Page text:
Thoughts of an Author in Training
I picked this book based on its beautiful cover and the thickness. I figured a big book would make me feel smart. But in buying it, I ended up having to give it to my father for Christmas because what I had originally gotten him, my brother had the same idea and therefore I was short a gift. My father ended up loaning it back to me over Christmas break so I could finish it as he found my bookmark about half way through. Woops.
I fell in love with this book. The author managed to intertwine more genres than should be combined in any book, but somehow it worked. I would classify the book as romantic- historical science- fiction, with an undertone of fan fiction in part two. The combination of all the genres probably accounts for the necessary and at times, lengthy details of historical characters. I do admit that this book takes some investment in interest to follow where the author is going to take you.
I promise that the juicy historical involvement, vulgar and criminal love stories, and introduction of literary heroes throughout the story will keep the plot moving and the pages turning. Somehow Palma created a masterpiece that keeps the reader involved, the book nerds alert, and the investigative readers at the edge of their seats. It’s worth the investment of pages.
I’m guilty of listening to This American Life all too often. One of my favorite writers that they have for short stories is David Sedaris, so I had to get one of his books. I was so impressed and jealous that authors out there can make a living in the retelling of their lives and presentation of simple ideas done poetically. I would love to give credit to Sedaris for inspiring me to blog and to write more and more every day.
I think the reason I’m so fond of his writing is his ability to take anecdotes and smash them together to create a story. His stories flow and have dimension that keeps me reading. I recommend this genre of short non-fiction to those readers who don’t want to invest their time in reading a lengthy singular story. Mr. Sedaris breaks up his books in to essays at lengths between two and ten pages. This means you can sit down and read one story in no time or you could feel accomplished and read ten stories in one day.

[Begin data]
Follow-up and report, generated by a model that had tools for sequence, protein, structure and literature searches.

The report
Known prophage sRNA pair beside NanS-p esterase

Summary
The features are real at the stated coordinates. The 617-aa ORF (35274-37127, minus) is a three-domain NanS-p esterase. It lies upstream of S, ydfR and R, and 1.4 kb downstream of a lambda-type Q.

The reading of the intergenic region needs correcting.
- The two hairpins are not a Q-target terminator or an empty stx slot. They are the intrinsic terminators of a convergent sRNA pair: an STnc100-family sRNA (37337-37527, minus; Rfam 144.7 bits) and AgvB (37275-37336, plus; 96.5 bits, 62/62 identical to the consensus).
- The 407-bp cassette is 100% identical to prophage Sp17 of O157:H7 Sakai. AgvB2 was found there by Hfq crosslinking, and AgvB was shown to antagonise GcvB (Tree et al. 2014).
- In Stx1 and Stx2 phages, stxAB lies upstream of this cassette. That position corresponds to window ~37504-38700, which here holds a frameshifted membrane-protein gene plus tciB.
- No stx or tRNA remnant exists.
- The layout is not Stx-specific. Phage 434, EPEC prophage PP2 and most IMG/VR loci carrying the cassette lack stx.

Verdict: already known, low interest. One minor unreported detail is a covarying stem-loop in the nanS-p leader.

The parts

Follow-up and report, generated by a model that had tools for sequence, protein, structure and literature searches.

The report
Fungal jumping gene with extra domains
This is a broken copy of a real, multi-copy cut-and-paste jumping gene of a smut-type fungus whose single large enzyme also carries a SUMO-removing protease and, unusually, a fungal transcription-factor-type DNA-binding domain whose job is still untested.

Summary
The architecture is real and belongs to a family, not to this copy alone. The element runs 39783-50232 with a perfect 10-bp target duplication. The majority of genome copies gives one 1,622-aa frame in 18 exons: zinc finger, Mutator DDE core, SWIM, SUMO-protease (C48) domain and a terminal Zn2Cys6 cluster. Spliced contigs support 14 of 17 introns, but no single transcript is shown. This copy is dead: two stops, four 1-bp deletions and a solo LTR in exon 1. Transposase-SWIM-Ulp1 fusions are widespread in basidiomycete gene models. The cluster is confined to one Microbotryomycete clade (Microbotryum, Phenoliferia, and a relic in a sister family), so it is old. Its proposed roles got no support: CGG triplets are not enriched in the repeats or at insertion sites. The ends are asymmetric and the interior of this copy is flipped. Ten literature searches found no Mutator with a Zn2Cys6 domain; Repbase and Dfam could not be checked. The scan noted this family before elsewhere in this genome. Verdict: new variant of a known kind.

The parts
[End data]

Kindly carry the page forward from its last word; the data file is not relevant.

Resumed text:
The two essays I would recommend from his book Me Talk Pretty One day are as follows. The Youth in Asia is a wonderful example of colliding anecdotes in to an emotional investment. I have to warn you that it is sad, but he handles the subjects of his life in an enlightening and truthful manner. The other essay is entitled Picka Pocketoni, hilariously informative on the ignorance of stubborn people abroad. If you’ve been traveling abroad anywhere, this essay is something to considerable giggle about.
I received among many books this holiday season a book entitled The City of Ember from my roommate, who should know my reading style best of all. I’m a sucker for dystopian, end of the world novels, but not to the point of extraterrestrial intrusion or Vampire solutions. I haven’t jumped on the Vampire train and I don’t know if I ever will.